I asked whether her father might have been joking.
Whitmer shook her head.
“He was just very serious, to the point that you know he was rattled,” she said. “And he was a big strong man and nothing could disturb him. But that sure did.”
After 30 minutes, we reached open water. We were alone now, two miles from land, a crouton in a teal soup.
Our boat churned toward Cape Arago lighthouse, our eyes probing the horizon.
An hour passed and our hopes began to fray. No necks. No humps. No fins.
Compounding matters, seasickness began to take hold of me. I could barely hold my harpoon.
We charted a course homeward.
As our boat pulled into the marina, a sea lion lazed on the pier. In a search built on hearsay and dreams, its flesh, so blubbery and tangible, taunted me.
Be it Cadboro Bay or Loch Ness, few monsters appear to those who search for them. Most witnesses, like Whitmer’s father, stumble on the beast by accident.
Sadly, those sightings are never enough for the insatiable appetite of the scientific record.
Jan Hodder, a Charleston-based marine biologist from Oregon State University, says while little is known about many deep sea creatures, those closer to shore are well-documented.
“Just think of how many people are on the ocean all the time,” she said.
A British paleontologist, Darren Naish, is less polite. He says Cadborosaurus mavens, like Paul LeBlond, have created a composite creature based on body parts from different sightings.
“Accounts used to support the reality of ‘Cadborosaurus’ likely represent a hodge-podge of seal and deer sightings, as well as sightings of other animals and phenomena,” Naish wrote in his blog for Scientific American.
These comments are fuel to the fire of unbelief. While I remain empty-handed today, I am cheered by a 1933 editorial in the Victoria Daily Times by Archie Willis, an editor more imaginative than my own.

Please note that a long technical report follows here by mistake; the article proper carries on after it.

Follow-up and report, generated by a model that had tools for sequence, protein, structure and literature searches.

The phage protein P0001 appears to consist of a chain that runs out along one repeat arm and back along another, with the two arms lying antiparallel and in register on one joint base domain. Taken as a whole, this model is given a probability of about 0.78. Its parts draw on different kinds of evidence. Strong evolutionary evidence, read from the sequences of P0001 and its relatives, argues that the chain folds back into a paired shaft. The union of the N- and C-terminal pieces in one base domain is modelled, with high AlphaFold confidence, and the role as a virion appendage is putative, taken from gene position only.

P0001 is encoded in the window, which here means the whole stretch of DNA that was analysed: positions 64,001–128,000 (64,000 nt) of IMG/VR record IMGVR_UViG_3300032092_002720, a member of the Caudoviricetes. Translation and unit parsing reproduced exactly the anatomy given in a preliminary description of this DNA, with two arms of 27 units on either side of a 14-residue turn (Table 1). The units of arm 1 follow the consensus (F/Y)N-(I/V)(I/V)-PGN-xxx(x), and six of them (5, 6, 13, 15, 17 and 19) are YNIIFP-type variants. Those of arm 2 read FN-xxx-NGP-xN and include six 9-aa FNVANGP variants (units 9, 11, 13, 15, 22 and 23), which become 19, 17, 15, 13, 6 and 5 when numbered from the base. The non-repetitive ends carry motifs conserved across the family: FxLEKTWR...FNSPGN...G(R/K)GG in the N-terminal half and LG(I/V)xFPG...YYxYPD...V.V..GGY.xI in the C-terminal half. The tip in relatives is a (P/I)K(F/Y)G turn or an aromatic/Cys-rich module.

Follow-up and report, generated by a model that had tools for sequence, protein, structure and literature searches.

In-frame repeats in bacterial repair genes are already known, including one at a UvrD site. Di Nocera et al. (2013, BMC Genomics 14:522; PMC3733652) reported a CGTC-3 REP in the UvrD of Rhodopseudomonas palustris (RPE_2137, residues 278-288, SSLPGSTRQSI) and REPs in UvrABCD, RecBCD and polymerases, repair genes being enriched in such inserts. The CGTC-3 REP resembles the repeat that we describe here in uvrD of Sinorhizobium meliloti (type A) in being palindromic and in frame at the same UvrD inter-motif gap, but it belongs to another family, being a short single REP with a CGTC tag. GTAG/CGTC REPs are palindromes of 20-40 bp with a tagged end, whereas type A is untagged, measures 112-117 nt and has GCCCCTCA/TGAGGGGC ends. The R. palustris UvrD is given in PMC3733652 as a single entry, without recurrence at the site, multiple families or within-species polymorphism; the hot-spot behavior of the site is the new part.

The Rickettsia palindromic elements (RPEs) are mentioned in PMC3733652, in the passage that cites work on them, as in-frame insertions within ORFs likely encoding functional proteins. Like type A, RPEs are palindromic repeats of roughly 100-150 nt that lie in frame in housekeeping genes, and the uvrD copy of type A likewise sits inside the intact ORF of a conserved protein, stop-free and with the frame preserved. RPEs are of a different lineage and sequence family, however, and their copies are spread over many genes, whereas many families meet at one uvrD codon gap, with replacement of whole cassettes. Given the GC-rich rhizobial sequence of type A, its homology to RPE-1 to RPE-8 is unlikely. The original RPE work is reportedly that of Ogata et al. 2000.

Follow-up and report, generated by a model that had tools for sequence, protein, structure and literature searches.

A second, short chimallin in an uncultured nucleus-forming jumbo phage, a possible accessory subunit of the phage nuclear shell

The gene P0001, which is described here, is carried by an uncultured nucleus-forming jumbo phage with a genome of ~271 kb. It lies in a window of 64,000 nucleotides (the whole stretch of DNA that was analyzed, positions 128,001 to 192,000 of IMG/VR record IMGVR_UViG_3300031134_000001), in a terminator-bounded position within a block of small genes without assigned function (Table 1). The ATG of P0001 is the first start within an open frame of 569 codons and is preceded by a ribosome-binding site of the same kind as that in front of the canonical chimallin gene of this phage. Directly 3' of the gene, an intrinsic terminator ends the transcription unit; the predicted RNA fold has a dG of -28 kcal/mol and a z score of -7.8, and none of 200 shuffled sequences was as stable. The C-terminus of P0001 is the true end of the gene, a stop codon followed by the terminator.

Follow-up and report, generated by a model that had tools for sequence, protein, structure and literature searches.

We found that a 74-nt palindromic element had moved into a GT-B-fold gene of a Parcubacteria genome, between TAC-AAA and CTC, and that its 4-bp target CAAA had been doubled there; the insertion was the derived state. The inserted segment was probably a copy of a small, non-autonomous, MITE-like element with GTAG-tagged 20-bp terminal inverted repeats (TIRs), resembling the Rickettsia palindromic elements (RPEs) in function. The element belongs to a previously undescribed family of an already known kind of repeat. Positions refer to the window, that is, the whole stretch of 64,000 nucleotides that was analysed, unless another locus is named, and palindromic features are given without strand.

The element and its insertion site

“Any fool can disbelieve in sea serpents,” he wrote.
Reporter Daniel Simmons-Ritchie can be reached at 541-269-1222, ext. 249, or at firstname.lastname@example.org.
Basically you have a situation with sightings assumed to be in the shape of the newspaper article's sketch. Creatures with necks 3-6 feet long need to be separated out from the more definitely Longnecked category of creatures reported with necks 6-12 feet long (and perhaps twice that actually.) and a body length of 10-20 feet long to go with the shorter-necked category but 20-40 feet to go along with the longer necks 12 feet long or so. (That is, the LongNecked creatures are up to 30-50 feet long total, length of neck assumed about 1/3 to 1/4 of total length, and shoter-necked creatures in the range of 10-20 feet long total with a head like that of a horse or camel reported on both categories, only a neck reported as half as long in the smaller category. The larger sized longer necked category now matches with Tim Dinsdale's Reconstruction of the Loch Ness Monster in its basic measurements and proportions.)
We can now return to LeBlonde's creatures listed above.
His long bodied creature is clearly the same as "THE GREAT SEA SERPENT" Otherwise reported World-wide in all bodies of water, freshwater and saltwater, and described in similar terms all over. It is also illustrated as the tail section of the newspaper article's monster sketch
The two kinds of animals identified by LeBlond and pictured at the top of this article are the bull and cow moose, and type 2 is indeed the "Adorned"version with more abundant mane and horns (antlers) but still within the same species, as the original document has stated. a big bull moose can be as much as over 15-16 feet longtip of snout to tip of tail. Those estimates of 20 feet long overall were really quite close
|Swimming Cow Moose and Calf|
|Swimming Bull Moose|